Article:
By Jorgelina do Rosario and Maxwell Akalaare Adombila
LONDON/ACCRA (Reuters) -The International Monetary Fund (IMF) executive board is due to meet on Friday to consider the first review of Ghana’s $3 billion rescue loan programme, a spokesperson said by email on Monday.
Board sign off of the review would unlock a $600 million disbursement. Such approvals are usually seen as a formality once a meeting date has been agreed.
Reuters earlier reported the meeting date, according to three sources familiar with the matter, after the cocoa, gold and oil producing country reached an agreement to restructure $5.4 billion of official creditor debt.
Ghana struck the deal with its bilateral lenders, including China and France, late last week, a key step to unlocking the second tranche of IMF funding.
Ghana’s finance ministry did not immediately reply to a request for comment.
The West African country defaulted on most external debt in December 2022 after servicing costs soared.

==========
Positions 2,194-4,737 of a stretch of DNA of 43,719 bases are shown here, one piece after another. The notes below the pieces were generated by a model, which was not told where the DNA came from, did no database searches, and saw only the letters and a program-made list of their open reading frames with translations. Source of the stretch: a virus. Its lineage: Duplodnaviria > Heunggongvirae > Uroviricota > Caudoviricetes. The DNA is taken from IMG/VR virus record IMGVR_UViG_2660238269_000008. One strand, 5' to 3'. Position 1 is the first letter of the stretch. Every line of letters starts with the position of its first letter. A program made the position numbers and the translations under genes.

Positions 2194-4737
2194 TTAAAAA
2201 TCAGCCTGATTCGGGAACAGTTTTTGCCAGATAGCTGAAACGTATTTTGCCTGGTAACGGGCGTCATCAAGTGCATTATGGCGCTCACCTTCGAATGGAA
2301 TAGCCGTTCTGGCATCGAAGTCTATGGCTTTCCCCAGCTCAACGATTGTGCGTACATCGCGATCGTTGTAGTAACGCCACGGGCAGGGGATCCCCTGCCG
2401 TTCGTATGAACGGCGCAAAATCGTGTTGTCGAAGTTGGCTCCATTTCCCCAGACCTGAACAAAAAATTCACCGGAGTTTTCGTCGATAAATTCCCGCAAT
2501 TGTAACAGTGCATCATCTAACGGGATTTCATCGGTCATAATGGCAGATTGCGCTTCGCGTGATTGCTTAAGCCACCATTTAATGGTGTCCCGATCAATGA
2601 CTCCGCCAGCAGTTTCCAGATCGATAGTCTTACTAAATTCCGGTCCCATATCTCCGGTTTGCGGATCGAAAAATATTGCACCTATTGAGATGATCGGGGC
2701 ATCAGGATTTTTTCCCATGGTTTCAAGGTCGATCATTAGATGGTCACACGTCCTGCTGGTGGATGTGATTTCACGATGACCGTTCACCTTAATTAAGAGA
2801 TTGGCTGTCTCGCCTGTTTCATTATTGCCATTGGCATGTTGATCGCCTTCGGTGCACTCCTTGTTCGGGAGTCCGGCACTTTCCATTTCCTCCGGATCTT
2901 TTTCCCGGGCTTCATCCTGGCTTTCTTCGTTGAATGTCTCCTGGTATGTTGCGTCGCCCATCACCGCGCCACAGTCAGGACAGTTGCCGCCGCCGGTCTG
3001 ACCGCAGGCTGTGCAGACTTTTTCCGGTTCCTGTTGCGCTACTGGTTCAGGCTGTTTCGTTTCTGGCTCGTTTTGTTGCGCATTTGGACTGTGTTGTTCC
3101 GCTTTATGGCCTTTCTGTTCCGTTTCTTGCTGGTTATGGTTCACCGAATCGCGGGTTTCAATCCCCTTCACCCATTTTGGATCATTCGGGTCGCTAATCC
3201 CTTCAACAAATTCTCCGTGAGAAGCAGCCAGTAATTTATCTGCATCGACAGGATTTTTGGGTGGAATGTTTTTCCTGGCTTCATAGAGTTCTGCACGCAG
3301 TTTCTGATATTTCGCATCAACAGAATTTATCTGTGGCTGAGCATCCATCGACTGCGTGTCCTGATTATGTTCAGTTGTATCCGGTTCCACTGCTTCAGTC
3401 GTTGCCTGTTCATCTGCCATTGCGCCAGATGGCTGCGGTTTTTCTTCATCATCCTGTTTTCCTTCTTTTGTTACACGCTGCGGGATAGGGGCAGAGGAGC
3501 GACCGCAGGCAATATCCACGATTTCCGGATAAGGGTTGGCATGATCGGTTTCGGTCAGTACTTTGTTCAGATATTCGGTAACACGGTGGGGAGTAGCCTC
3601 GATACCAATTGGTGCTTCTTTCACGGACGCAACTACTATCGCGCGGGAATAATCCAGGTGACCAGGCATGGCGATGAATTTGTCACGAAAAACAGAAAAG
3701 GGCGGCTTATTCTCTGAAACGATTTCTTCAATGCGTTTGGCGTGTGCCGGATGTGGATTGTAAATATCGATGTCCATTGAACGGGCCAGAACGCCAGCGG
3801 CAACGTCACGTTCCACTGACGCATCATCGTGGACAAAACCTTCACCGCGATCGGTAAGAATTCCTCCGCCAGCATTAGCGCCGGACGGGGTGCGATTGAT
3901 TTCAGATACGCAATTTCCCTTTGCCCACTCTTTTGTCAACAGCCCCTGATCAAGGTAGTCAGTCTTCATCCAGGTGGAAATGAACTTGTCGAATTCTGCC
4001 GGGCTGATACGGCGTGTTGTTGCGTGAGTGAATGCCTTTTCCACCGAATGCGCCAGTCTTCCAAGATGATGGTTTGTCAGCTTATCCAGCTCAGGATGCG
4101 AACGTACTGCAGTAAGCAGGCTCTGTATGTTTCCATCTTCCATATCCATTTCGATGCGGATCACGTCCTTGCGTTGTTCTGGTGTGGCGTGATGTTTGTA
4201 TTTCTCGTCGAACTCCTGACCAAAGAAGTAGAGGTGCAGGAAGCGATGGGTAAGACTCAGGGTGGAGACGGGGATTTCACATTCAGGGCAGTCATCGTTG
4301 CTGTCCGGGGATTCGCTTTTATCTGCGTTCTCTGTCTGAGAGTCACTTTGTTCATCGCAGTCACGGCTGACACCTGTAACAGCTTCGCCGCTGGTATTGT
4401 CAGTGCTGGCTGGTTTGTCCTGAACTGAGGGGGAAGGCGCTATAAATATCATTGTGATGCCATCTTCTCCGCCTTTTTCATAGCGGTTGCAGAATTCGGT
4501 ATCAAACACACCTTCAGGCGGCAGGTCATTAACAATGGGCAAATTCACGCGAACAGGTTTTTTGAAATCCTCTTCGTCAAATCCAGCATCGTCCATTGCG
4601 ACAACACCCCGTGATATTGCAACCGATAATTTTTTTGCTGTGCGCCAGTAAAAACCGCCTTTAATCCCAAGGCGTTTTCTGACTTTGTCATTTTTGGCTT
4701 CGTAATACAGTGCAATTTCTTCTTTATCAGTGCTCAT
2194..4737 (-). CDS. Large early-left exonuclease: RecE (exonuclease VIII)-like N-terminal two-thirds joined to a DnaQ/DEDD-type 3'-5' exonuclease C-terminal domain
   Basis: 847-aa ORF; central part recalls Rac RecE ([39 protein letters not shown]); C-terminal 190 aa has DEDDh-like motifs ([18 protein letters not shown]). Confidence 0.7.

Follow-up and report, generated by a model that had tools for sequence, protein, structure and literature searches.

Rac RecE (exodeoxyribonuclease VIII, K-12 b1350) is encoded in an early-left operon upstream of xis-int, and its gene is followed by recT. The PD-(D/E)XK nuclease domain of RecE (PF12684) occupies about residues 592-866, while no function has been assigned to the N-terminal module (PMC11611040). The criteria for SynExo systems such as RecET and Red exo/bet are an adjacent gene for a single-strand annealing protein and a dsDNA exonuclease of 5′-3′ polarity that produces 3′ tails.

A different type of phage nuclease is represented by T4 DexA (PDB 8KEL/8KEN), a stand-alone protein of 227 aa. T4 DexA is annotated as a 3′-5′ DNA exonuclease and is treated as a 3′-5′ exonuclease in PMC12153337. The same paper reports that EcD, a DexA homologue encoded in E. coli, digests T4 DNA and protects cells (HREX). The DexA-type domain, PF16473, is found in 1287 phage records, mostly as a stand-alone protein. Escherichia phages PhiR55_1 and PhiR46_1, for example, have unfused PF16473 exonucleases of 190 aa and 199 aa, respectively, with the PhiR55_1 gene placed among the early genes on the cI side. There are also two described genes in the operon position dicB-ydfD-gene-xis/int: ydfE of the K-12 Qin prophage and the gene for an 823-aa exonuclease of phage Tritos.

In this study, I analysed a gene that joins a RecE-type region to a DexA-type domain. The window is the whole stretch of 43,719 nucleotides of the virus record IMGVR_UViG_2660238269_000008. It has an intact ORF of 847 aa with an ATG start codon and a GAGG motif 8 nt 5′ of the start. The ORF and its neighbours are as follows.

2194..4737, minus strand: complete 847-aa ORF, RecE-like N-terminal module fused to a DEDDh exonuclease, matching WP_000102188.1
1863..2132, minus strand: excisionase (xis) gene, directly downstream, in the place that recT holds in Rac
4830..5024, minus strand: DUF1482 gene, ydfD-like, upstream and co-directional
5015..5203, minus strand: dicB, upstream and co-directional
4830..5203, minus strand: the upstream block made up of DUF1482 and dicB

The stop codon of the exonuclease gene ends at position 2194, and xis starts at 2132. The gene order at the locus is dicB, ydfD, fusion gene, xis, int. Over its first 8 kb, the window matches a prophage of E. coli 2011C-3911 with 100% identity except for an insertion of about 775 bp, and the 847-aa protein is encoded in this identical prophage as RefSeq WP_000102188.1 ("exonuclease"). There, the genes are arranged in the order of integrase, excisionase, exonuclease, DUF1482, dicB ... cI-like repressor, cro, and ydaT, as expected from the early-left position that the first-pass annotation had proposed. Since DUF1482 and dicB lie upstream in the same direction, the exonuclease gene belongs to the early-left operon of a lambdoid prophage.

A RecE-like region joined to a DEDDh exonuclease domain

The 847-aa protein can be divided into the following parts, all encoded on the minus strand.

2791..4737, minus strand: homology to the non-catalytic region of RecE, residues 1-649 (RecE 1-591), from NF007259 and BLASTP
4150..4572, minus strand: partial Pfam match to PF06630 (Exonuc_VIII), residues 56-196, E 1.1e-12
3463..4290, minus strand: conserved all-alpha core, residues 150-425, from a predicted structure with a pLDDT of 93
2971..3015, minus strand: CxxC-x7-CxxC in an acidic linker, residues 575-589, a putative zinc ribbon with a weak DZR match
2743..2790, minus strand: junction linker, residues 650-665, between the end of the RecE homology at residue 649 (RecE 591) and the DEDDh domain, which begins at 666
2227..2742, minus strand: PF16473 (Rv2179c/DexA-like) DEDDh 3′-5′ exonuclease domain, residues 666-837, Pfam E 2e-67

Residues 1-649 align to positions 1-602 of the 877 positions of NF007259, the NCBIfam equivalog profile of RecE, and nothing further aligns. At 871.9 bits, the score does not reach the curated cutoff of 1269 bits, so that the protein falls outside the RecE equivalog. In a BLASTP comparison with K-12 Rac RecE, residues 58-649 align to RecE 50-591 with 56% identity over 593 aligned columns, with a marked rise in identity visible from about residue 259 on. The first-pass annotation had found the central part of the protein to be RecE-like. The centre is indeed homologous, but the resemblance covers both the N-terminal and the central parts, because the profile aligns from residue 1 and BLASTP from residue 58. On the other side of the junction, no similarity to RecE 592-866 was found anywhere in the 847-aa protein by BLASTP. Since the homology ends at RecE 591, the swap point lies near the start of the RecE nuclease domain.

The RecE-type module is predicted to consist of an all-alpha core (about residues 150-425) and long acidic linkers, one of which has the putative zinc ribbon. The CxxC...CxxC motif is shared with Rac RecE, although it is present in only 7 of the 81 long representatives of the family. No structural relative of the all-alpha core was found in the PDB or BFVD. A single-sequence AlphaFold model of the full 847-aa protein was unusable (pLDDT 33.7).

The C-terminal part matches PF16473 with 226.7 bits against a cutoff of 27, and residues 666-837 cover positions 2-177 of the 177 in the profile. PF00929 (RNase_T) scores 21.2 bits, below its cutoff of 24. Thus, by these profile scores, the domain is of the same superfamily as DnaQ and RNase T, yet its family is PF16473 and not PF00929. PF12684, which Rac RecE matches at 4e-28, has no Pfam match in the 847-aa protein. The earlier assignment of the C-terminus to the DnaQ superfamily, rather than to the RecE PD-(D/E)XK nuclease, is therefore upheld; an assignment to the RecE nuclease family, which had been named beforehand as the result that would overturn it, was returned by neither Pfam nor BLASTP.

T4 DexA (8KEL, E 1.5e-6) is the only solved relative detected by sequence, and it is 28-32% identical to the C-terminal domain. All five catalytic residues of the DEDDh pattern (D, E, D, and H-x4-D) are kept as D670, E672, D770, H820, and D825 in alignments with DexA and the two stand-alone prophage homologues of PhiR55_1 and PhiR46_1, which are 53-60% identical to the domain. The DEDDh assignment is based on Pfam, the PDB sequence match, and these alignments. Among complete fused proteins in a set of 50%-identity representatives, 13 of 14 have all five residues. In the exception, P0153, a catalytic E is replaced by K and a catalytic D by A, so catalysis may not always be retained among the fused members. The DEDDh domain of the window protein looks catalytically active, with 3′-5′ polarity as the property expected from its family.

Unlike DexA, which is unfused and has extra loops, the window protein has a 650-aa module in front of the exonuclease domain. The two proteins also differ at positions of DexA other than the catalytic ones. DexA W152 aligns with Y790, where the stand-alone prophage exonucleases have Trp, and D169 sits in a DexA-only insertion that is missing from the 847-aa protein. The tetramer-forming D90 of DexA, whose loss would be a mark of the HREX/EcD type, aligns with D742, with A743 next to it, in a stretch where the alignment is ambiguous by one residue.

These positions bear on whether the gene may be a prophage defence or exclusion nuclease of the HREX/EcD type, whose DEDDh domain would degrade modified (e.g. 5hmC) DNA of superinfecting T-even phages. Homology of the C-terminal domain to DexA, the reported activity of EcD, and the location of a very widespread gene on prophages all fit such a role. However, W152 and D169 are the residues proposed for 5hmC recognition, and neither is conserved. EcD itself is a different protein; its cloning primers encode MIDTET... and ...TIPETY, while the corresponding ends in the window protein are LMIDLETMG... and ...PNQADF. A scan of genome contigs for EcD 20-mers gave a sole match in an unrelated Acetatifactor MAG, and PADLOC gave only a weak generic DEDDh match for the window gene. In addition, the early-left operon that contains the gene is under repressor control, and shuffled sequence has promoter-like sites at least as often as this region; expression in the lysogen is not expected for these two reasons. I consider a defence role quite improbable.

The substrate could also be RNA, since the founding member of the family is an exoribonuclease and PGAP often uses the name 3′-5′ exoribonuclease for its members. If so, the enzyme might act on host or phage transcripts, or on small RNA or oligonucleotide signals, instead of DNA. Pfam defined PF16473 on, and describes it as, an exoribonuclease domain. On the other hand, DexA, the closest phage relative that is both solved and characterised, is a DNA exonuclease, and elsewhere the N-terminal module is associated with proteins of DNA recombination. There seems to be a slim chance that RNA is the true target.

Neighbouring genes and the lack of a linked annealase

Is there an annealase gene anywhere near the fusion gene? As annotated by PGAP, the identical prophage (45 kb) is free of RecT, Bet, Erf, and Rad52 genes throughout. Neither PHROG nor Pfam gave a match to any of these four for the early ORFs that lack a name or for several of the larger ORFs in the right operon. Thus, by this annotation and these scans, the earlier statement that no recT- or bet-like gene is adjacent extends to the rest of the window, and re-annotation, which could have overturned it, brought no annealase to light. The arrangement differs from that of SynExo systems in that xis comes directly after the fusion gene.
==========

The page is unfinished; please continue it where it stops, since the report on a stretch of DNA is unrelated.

It also needs to reach a relief deal with private holders of about $13 billion in international bonds.
The bonds rose almost 1 cent on the dollar on Monday, with the 2042 maturity up the most, climbing 0.85 cents to 43.12 cents, its highest level since early November.
“Recently, China encouraged all parties to overcome technical difficulties and narrow differences, and finally led all parties to reach a basic consensus on Ghana’s debt settlement plan… on January 8,” Chinese Foreign Ministry spokesperson Mao Ning said on Monday.
Some members of the Official Creditor Committee, which is co-chaired by China and France, are still “going through their internal procedures,” she told reporters at a regular news briefing.
Ghana is aiming to restructure $20 billion of external debt, which totalled about $30 billion at the end of 2022, under the Common Framework, a debt restructuring process set up by the G20 countries during the COVID-19 pandemic. It has targeted cutting $10.5 billion from payments due between 2023-2026.
The IMF second tranche payout, once signed off, should also trigger $550 million in additional World Bank funding, Ghana’s finance ministry said on Friday.
(Reporting by Jorgelina do Rosario and Maxwell Akalaare Adombila, Additional reporting by Liz Lee in Beijing and Marc Jones in London, Writing and additional reporting by Rachel Savage, Editing by Karin Strohecker, Andrew Cawthorne, Bernadette Baum and Sharon Singleton)